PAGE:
Peter S. Goodman, the global economics correspondent for the New York Times, has just released a new book called “Davos Man: How the Billionaires Devoured the World.”
Davos is, of course, a reference to Davos, Switzerland where the richest of the rich, business titans and elite celebrities gather each year to decide what’s important in the world and for themselves. The ticket to attend this year was $29,000, but only if you have an invitation. Goodman says, “They come to rub shoulders with corporate executives, heads of state, venture capitalists, hedge-fund managers and A-list celebrities who together aim to “solve the great crises of the age.”
Basically, Goodman chronicles and then contrasts the experiences of the likes of Jeff Bezos, Elon Musk and some other fellow billionaires with a former steelworker, a Seattle doctor fighting on the front lines of COVID, an Amazon worker in New York City along with other less fortunate middle-class types.
But some perspective is in order, especially for those of us who continue to struggle with rising commodity prices, dwindling bank accounts and skyrocketing rents. This trend of wealth centralization among the wealthiest has been trending for the past 50 years.
Today, according to Forbes, the top 1 percent of Americans own as much wealth as the bottom 90 percent. Another way of looking at it (Forbes again), “The top 1 percent of U.S. households hold 15 times more wealth than the bottom 50 percent combined.” Or yet another, “The top 1 percent of earners in the U.S. earn about 40 times more than the bottom 90 percent and about 33 million Americans (that’s about 10 percent), earn less than $10 per hour.”
According to the Institute for Policy Studies, “The world’s 2,365 billionaires enjoyed a $4 trillion boost to their wealth during the first year of the pandemic, increasing their fortunes by 54 percent.”
When analyzing income disparities in countries around the world, the gold standard is something called the “Gini Coefficient.” Its complex calculus is expressed in a range of 0 percent to 1 (100 percent). It measures the distribution of incomes across income percentiles with zero being perfect equality and one being perfect inequality.
According to the U.S Census Bureau, the U.S. Gini Coefficient is .484, the highest it’s been in the last 50 years. Among the wealthiest nations in the world, the G-7, the U.S. ranks last in income disparity. On a global scale, the U.S. falls between Mongolia and Uganda in income inequality, with South Africa having the greatest inequality.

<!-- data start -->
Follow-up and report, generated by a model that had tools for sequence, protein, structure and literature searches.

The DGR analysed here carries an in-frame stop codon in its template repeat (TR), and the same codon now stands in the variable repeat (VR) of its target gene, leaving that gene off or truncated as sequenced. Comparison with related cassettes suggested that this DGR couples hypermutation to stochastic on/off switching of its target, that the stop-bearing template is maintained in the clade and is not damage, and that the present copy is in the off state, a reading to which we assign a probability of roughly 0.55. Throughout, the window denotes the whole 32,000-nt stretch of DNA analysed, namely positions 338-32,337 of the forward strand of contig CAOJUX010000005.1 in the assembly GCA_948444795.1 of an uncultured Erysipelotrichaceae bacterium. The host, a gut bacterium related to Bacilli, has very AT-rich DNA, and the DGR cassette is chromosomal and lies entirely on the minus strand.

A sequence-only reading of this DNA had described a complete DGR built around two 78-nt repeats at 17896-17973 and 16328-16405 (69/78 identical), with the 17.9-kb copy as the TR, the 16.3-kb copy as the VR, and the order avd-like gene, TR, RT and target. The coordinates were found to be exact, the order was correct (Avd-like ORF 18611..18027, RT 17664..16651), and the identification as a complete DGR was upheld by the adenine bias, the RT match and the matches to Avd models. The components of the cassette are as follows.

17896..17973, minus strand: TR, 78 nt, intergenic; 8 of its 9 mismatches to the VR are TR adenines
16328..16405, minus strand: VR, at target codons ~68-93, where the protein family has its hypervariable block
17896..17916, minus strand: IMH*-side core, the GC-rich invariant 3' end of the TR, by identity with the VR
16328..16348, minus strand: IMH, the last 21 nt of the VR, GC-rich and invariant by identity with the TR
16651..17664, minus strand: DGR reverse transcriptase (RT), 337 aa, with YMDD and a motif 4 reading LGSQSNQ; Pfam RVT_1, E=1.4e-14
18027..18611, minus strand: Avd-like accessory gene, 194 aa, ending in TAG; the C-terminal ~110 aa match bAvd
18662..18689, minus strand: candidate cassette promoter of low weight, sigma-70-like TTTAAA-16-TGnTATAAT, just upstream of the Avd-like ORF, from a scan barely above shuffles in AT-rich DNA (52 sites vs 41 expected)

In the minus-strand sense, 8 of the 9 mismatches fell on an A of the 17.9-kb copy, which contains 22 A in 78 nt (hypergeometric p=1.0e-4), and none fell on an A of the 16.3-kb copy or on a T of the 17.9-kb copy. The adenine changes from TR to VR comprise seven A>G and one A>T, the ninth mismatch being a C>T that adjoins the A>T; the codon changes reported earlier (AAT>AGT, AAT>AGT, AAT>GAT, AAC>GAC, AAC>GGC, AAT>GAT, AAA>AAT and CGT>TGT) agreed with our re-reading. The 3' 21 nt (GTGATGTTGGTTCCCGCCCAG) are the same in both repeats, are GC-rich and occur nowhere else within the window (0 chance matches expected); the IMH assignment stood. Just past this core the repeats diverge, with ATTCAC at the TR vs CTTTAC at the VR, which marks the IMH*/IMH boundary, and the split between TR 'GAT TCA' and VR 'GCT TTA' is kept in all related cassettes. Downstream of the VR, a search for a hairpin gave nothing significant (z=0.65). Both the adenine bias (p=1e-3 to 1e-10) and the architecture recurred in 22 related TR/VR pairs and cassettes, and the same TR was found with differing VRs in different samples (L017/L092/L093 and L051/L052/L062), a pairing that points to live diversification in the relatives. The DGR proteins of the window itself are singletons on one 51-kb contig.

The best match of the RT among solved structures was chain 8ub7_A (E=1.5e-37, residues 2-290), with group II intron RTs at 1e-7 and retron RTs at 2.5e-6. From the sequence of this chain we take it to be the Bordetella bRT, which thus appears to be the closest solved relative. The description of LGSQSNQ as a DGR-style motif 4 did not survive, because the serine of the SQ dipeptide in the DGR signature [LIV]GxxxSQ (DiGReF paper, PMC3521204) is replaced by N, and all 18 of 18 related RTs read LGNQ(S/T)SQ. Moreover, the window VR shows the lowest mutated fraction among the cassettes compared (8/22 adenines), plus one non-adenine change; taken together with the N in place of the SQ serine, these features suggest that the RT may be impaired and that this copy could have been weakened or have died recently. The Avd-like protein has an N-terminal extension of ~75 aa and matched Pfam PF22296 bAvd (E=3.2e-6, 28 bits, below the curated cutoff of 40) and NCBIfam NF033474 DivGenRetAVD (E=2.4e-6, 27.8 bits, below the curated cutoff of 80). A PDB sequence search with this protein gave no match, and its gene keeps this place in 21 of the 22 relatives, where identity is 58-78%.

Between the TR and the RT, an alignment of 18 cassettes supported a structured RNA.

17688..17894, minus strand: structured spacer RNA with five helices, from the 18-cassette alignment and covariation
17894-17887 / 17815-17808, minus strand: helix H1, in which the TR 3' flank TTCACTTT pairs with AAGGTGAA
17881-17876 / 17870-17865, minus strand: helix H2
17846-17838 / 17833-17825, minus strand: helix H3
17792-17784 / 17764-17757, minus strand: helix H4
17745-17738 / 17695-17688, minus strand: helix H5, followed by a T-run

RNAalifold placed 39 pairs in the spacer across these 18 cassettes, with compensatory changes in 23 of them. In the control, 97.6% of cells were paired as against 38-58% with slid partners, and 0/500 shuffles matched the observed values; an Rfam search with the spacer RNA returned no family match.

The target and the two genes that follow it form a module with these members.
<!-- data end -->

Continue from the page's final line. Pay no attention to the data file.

According to the Bloomberg Billionaires Index, of the top 25 wealthiest billionaires in the world, 18 are from the U.S., two are from France, two are from India, one is from Mexico, one is from China, and one is from Spain.
Gas prices are a simple way of expressing how this growing disparity works, and it’s something we can all relate to. In 2019 in Ohio, gas prices averaged slightly over $2.00 per gallon for regular. In 2022, prices averaged about $4.00 per gallon across Ohio.
In a recent interview in the Wall Street Journal, the CEOs of Exxon Mobil, Chevron and Total “gave no indication that despite favorable market conditions, they have changed their thinking about boosting their production.” These CEOs say that “sustained pressure from investors to return more cash to shareholders is the primary factor holding back investment in growth (production). Big oil companies are continuing to reap the benefits of high commodity prices… while keeping production roughly flat.”
Exxon’s profit for the first quarter of 2022 was $5.5 billion. Chevron’s was $6.3 billion. Total’s was $4.9 billion. Wealth management groups with hundreds of millions of shares in Exxon did very well in the first quarter 2022. Billionaires’ wealth has surged during the pandemic years, but also for much of the past 50 years, and that cauldron of wealth “soup” heats up in the stock market.
So, what’s to be synthesized and realized from all of this? First, I have nothing against individuals accumulating wealth. Who doesn’t want to aspire to financial independence and security for self and family? But how much is enough, especially when you come to the mortal and existential realization that you can’t take a dime of the billion with you when you die, nor the yachts, the oceanfront estates, or the mansions in Monaco? The questions that are relevant here are to what extent billionaire wealth has been leveraged on the nation’s public health care systems, home prices, commodity prices or gas prices? What is a billionaires’ fair share in taxes? History is replete with examples of income inequality escalating eventually to calamitous social problems.
According to the Bloomberg Billionaires Index, U.S. billionaires among the top 50 of the world’s billionaires are worth about $1.65 trillion dollars. A 2 percent wealth tax of just those individuals would help the U.S. treasury to the tune of about $33 billion, and still leave Elon Musk with $251 billion. When you have that much, dare I say, there’s always a way of making more money, so where’s the hurt?
Peter Goodman concludes in his book about the Davos men that “Democracy has been warped by the billionaire class, its workings tilted toward private islands, offshore bank accounts, and secret meetings in Davos, convened to plot the next insider deal. (But) Reclaiming power from Davos Man requires no insurrection or revolution of ideas. It demands the thoughtful use of a tool that has been there all along: democracy.”
Bill Sims is a Hillsboro resident, retired president of the Denver Council on Foreign Relations, an author and runs a small farm in Berrysville with his wife. He is a former educator, executive and foundation president.